The Last Remaining Method Of Simplification

April 27, 2010 1 comment

In this blog post, “The Collapse of Complex Business Models”, uber-thinker Clay Shirky predicts the impending instantaneous implosion of many (all?) unfathomably complex business models that are currently thought by many to be unassailable. The cruxt of Clay’s compelling argument is based on eerily similar collapses of past complex cultures as told by Joseph Tainter in his aptly named book, The Collapse of Complex Societies.

Tainter’s thesis is that when society’s elite members add one layer of bureaucracy or demand one tribute too many, they end up extracting all the value from their environment it is possible to extract and then some. – Clay Shirky

Adding layer upon layer of bureaucracy (to disconnect themselves from the commoners, of course) and demanding “tributes” in the form of exotic titles, awards, astronomical salaries, and perks (to satisfy their egomania and bolster the false image that they “know what’s best for all“) pushes their elite system over the precipice.

In such systems, there is no way to make things a little bit simpler – the whole edifice becomes a huge, interlocking system not readily amenable to change. When the value of complexity turns negative, a society plagued by an inability to react remains as complex as ever, right up to the moment where it becomes suddenly and dramatically simpler, which is to say right up to the moment of collapse. Collapse is simply the last remaining method of simplification. – Clay Shirky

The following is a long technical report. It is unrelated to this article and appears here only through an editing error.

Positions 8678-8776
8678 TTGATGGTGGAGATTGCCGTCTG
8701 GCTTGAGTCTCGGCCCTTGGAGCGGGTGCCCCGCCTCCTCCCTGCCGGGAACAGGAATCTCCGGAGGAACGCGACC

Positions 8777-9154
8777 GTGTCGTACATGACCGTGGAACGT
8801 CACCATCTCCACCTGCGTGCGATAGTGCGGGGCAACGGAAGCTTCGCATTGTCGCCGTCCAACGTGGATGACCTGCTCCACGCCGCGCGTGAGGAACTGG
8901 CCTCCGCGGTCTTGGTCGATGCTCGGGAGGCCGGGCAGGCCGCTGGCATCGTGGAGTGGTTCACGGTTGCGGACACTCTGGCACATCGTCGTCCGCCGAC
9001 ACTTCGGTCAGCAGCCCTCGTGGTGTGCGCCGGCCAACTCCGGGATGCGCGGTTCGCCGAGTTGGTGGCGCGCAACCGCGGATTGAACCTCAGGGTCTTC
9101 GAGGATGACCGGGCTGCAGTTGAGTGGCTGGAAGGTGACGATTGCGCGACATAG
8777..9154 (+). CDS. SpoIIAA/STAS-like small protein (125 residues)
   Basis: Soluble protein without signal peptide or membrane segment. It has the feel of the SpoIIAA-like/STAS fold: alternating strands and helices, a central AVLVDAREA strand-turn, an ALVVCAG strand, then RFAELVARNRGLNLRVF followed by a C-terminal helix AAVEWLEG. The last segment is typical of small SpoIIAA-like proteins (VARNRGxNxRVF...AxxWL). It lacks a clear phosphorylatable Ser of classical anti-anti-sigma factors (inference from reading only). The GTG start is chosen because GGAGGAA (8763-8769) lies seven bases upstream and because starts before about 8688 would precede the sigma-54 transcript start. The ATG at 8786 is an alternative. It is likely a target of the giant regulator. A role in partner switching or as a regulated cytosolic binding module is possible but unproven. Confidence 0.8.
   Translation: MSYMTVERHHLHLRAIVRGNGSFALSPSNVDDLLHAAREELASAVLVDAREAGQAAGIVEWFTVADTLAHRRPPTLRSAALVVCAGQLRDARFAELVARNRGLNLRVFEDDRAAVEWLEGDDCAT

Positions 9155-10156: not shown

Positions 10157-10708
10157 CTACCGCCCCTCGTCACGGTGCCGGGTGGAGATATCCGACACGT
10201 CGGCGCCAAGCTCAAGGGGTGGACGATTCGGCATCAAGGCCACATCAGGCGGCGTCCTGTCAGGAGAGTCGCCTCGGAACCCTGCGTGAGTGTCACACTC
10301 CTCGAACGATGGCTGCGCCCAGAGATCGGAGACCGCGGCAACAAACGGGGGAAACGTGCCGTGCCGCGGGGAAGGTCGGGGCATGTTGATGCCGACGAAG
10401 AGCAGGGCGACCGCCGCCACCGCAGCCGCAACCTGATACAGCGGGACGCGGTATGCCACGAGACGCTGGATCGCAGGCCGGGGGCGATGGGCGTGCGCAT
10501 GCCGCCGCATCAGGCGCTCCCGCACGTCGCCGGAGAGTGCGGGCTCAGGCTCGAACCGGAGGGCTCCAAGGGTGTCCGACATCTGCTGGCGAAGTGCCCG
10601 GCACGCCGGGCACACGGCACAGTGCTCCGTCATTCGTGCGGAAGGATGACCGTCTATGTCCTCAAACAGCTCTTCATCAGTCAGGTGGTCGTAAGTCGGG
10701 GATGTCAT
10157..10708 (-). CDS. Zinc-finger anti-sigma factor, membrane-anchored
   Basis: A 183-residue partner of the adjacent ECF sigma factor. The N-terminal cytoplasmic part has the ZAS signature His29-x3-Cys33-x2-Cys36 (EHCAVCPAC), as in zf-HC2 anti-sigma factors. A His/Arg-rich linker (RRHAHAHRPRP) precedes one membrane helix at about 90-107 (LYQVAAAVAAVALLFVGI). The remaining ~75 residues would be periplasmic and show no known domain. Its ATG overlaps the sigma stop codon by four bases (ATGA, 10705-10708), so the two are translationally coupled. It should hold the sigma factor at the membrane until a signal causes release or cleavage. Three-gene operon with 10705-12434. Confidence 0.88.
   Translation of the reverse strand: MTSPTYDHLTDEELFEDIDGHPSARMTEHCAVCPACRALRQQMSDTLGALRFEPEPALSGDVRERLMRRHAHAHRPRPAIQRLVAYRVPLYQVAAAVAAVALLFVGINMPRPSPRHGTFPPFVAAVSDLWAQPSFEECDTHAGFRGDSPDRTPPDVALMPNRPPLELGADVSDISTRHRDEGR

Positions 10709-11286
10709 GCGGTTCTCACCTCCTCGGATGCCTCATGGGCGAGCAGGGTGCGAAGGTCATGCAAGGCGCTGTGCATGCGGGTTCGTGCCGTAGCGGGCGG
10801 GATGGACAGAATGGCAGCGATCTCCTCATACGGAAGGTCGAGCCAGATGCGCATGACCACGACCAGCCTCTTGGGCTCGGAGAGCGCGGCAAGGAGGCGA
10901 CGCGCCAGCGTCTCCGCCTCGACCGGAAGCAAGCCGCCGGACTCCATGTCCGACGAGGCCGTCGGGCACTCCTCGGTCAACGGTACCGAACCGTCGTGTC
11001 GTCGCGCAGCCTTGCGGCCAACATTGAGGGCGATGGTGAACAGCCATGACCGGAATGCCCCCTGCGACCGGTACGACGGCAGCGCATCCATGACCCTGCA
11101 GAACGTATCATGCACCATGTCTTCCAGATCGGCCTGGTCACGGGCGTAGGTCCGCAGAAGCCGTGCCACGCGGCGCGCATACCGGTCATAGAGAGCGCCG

In this 5 minute video talk, “the current economy“, my favorite spiritual guru, Eckhart Tolle, trumps Clay by rising up one level of abstraction. Eckhart predicts the impending collapse of many of the societal structures that are ego based. Ego loves complexity. And how many large, man-made, socio-technical structures (a.k.a institutions) do you think are not ego based?

The problem is not the content, it’s the conditioned structure of the human mind – Eckhart Tolle


Some Of My Heroes

September 29, 2009 3 comments

“We’re just two wild and crazy guys” – Yortuk and Georg Festrunk

Wild And Crazy Guys

Unlike the quote above, Joe Walsh’s “I’m just an ordinary average guy” fits me to a tee. In spite of this, I’d like to think that I’m open to new ideas and thinking. At the moment, here are some of my favorite, inspirational, weird, and forward looking (but pragmatic) thinkers:

Check out what one or more of these whack jobs have to say if  you’re yearning to explore and discover new opportunities that may crack the  concrete in your brain and challenge your same-old, same-old mental models of the world. If you think there is an “edge” to my blarticle posting style, then you should give all the credit to those dudes.

Who are your favorite thinkers, visionaries, and potential status-quo busters? What, you don’t have any? Why not?